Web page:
They also think that there is no way for everybody to be equal because equality can only give rise to conflict. And, as we learn on “Enterprise,” the Changelings’ rise to power is centered around The Xindi civilization, which is comprised of five races that are of more or less equal in power and, indeed, they are in a constant state of civil war, even destroying their original planet until The Founders bring a gift bag filled with order, progress, subservience and extinction. So, under the thumb of The Dominion, the greatest level of contentment will exist for everybody and it just so happens that the optimal path to peace entails The Changelings sitting at the top of the heap, luxuriating in their own slop. This is what is known as hegemonic stability theory in the study of international relations, except plug in the USA for The Dominion.

To achieve hegemonic stability, The Dominion is willing to use unlimited violence and oppression to defeat those who would undermine peace by asserting their own interests. This is what is known as political realism. Political realism and hegemonic stability theory are the most popular theories in the study international relations (because universities are teeming with radical leftists!) and the guiding principals of U.S. foreign policy at least since Kissinger. So the conflict with The Dominion can be seen as the Federation fighting against a “past” version of humanity/America, while in the conflict with the Borg they fight a nightmarish version of our future selves.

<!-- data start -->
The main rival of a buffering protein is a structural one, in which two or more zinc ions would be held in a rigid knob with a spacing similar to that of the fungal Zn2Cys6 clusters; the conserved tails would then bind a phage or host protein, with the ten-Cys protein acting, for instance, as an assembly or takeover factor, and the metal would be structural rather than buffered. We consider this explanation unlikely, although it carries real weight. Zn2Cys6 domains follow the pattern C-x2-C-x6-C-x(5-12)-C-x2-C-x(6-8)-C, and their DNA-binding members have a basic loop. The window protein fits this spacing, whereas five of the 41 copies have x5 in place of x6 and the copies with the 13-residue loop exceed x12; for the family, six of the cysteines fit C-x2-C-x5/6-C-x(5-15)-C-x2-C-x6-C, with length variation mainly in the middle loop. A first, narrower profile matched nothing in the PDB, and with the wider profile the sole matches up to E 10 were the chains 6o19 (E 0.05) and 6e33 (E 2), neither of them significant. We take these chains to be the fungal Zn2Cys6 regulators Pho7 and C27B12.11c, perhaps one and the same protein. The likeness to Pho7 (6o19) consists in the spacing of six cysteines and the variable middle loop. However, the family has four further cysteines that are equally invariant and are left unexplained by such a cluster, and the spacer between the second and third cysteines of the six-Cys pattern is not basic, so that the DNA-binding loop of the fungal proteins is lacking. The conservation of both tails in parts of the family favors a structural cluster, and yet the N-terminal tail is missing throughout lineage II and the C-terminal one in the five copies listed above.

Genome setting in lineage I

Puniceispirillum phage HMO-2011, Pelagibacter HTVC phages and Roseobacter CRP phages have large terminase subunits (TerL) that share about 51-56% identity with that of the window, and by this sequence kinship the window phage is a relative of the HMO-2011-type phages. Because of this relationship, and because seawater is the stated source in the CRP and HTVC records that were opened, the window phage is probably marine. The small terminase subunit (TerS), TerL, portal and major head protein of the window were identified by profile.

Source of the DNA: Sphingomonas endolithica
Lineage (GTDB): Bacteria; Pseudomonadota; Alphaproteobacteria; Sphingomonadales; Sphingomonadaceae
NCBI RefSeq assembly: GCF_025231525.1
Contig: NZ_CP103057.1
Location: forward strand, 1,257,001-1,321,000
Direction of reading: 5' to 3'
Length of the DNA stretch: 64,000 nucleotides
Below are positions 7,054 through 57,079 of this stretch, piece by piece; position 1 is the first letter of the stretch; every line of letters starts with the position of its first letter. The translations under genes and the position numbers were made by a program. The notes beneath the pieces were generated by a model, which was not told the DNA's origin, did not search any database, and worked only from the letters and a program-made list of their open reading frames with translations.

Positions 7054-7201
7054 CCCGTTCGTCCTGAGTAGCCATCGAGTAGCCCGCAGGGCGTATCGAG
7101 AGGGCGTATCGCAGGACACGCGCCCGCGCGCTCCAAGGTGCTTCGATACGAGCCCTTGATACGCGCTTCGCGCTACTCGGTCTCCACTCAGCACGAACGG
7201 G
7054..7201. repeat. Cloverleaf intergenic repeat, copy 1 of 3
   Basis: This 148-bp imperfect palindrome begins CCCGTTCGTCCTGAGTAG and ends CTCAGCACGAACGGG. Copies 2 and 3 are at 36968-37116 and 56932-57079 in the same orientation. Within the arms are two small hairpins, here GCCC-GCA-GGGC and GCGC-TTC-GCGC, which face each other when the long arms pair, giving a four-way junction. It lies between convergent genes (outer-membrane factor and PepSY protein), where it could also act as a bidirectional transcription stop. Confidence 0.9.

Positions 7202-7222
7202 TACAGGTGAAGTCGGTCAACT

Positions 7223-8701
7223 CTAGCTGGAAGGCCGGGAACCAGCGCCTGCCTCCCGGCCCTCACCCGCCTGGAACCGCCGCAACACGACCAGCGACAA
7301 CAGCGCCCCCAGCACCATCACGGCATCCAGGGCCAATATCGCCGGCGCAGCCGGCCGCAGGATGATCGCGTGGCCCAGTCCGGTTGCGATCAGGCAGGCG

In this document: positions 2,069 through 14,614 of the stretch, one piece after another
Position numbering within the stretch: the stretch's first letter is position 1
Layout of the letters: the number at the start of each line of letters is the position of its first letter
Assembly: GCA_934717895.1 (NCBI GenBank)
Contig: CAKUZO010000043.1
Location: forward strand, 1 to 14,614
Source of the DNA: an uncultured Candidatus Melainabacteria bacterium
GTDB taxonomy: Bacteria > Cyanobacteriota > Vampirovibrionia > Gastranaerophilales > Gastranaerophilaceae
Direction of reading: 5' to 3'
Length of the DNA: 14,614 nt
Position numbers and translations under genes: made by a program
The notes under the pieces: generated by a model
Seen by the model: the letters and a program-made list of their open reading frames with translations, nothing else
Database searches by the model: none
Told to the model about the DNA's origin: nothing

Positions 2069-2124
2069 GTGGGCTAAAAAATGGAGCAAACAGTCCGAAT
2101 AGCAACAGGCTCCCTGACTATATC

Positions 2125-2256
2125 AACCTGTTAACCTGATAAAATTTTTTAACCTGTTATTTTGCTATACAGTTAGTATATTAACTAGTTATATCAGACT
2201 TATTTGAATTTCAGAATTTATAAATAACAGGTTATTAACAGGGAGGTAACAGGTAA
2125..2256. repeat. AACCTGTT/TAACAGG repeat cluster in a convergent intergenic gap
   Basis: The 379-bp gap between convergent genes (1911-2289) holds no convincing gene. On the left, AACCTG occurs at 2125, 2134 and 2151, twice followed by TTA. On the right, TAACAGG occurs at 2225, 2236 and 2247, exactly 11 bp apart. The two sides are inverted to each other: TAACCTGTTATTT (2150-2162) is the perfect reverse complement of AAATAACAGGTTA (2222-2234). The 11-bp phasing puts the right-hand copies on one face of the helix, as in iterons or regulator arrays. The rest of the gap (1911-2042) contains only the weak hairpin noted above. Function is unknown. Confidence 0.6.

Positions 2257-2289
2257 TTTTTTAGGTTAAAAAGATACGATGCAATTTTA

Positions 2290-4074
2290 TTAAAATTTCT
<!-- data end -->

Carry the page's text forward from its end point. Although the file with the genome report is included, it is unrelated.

The least funny T-shirt ever conceived by man.

The Changlings and Odo:

Odo is, of course, the Worf of Changelings, ultimately siding with The Federation and his own judgement against his own people. This is mostly because he grows up away from them, having been sent away at birth as kind of a living probe. When Odo first learns that he is a Changeling, and not just an alien created during the makeup/special effects workers strike of ‘97, one of the show’s more awkward political forays comes about as he meets the head of the change gang, who ultimately becomes the head bad guy of the whole show. Well, either her or the Pah Wraith. Anyway, Odo mentions that he has been called a changeling. The Changeling boss says, “oh yeah man, other races came up with that as a term of derision for us, but we embraced it. We made it our own.” Just like ‘nigger’ or ‘queer,’ in case you missed it due to the Dane Cookesque subtlety of the reference.